Dietary vitamin B3, along with other nutrients is important for normal vision and prevention of cataracts (damage to the lens of the eye which can lead to cloudy vision.) One study including 2900 people living in Australia found that people who consumed the most protein, vitamin A, and vitamins B1 (thiamine), B2, and B3 (niacin) in their diets were significantly less likely to develop cataracts. A follow-up study also found that many supplemental B complex vitamins (including B12, B9, B3, B2, and B1) exert a protective effect against cataracts.

    Burns
    It is especially important for people who have sustained serious burns to obtain adequate amounts of nutrients in their daily diet. When skin is burned, a substantial percentage of micronutrients may be lost. This increases the risk for infection, slows the healing process, prolongs the hospital stay, and even increases the risk of death. Although it is unclear which micronutrients are most beneficial for people with burns, many studies suggest that a multivitamin including the B complex vitamins may aid in the recovery process.

    Other
    An interesting area of research currently underway is the use of niacin skin care products as anti-aging agents, for treatment of acne, and, possibly, for prevention of skin cancer. Dermatologists expect that there will be information emerging about topical forms of niacin for these purposes over the next few years.


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    Dietary Sources

    The best dietary sources of vitamin B3 are found in beets, brewer's yeast, beef liver, beef kidney, pork, turkey, chicken, veal, fish, salmon, swordfish, tuna, sunflower seeds, and peanuts.


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    Available Forms

    Niacin is available in several different supplement forms: niacinamide, nicotinic acid, and inositol hexaniacinate. The form of niacin that is best tolerated with the least symptoms is inositol hexaniacinate. Niacin is available as a tablet or capsule in both regular and timed-release forms. The timed-release tablets and capsules may have fewer side effects than the regular niacin; however, the timed-release are more likely to cause liver damage and are therefore not recommended for long-term treatment. Regardless of the form of niacin being used, periodic checking of liver function tests is recommended when high-dose (2 6 gm per day) of niacin is used.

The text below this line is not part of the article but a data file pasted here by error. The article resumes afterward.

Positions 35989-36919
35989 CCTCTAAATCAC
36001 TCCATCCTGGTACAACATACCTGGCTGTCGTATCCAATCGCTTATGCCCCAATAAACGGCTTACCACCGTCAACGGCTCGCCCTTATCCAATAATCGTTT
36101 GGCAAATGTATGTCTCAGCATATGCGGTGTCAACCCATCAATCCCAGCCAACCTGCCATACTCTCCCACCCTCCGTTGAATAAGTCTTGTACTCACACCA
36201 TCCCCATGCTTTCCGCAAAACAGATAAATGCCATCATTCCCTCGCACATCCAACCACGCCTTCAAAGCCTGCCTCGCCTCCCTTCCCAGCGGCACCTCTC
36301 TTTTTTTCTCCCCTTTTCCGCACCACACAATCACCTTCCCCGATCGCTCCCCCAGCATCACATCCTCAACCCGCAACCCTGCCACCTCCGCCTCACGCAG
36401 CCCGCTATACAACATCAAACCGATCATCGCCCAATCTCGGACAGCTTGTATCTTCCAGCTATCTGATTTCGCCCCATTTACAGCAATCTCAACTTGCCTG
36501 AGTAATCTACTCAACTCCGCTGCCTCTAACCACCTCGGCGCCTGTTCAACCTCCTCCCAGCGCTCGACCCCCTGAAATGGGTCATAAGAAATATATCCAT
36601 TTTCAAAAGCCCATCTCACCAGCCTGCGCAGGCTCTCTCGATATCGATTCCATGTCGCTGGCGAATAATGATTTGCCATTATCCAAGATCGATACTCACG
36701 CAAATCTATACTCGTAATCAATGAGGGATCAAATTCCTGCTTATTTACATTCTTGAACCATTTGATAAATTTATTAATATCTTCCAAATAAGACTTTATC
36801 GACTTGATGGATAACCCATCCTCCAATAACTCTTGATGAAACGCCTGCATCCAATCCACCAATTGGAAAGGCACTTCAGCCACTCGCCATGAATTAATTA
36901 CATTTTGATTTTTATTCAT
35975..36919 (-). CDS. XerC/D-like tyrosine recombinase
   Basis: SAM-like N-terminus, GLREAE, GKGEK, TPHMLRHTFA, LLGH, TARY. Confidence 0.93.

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    How to Take It

    Daily requirements for niacin may be higher for those who have cancer, those who are being treated with isoniazid (for tuberculosis), and people with protein deficiencies.

    Daily recommendations for niacin from the diet for healthy individuals are listed below.

    It is important to note, however, that only extremely high doses of niacin (in the range of 1,500 to 3,000 mg per day in divided doses) are helpful for most medical conditions. Such high doses are considered "pharmacologic" and must be prescribed by a qualified healthcare practitioner. The practitioner will instruct you on increasing the amount of niacin slowly, over the course of 4 to 6 weeks, and to take the medicine with meals to avoid stomach irritation.

    Pediatric

    Infants birth to 6 months: 2 mg (adequate intake)
    Infants 7 months to 1 year: 4 mg (adequate intake)
    Children 1 to 3 years: 6 mg (RDA)
    Children 4 to 8 years: 8 mg (RDA)
    Children 9 to 13 years: 12 mg (RDA)
    Males 14 to 18 years: 16 mg (RDA)
    Females 14 to 18 years: 14 mg (RDA)
    Adult

    Males 19 years and older: 16 mg (RDA)
    Females 19 years and older: 14 mg (RDA)
    Pregnant females: 18 mg (RDA)
    Breastfeeding females: 17 mg (RDA)


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    Precautions

    Because of the potential for side effects and interactions with medications, dietary supplements should be taken only under the supervision of a knowledgeable healthcare provider.

    High doses (75 mg or more) of niacin can cause side effects. The most common side effect is called "niacin flush," which is a burning, tingling sensation in the face and chest, and red or "flushed" skin. Taking an aspirin 30 minutes prior to the niacin may help reduce this symptom.

    At the very high doses used to lower cholesterol and the other conditions mentioned previously, liver damage and stomach ulcers can occur. When taking pharmacologic doses of niacin, your doctor or other healthcare practitioner will periodically check your liver function through a blood test. People with a history of liver disease or stomach ulcers should not take niacin supplements. Those with diabetes or gallbladder disease should do so only under the close supervision of a healthcare provider. Niacin should not be used if you have gout.

    Taking any one of the B complex vitamins for a long period of time can result in an imbalance of other important B vitamins. For this reason, it is generally important to take a B complex vitamin with any single B vitamin.


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    Possible Interactions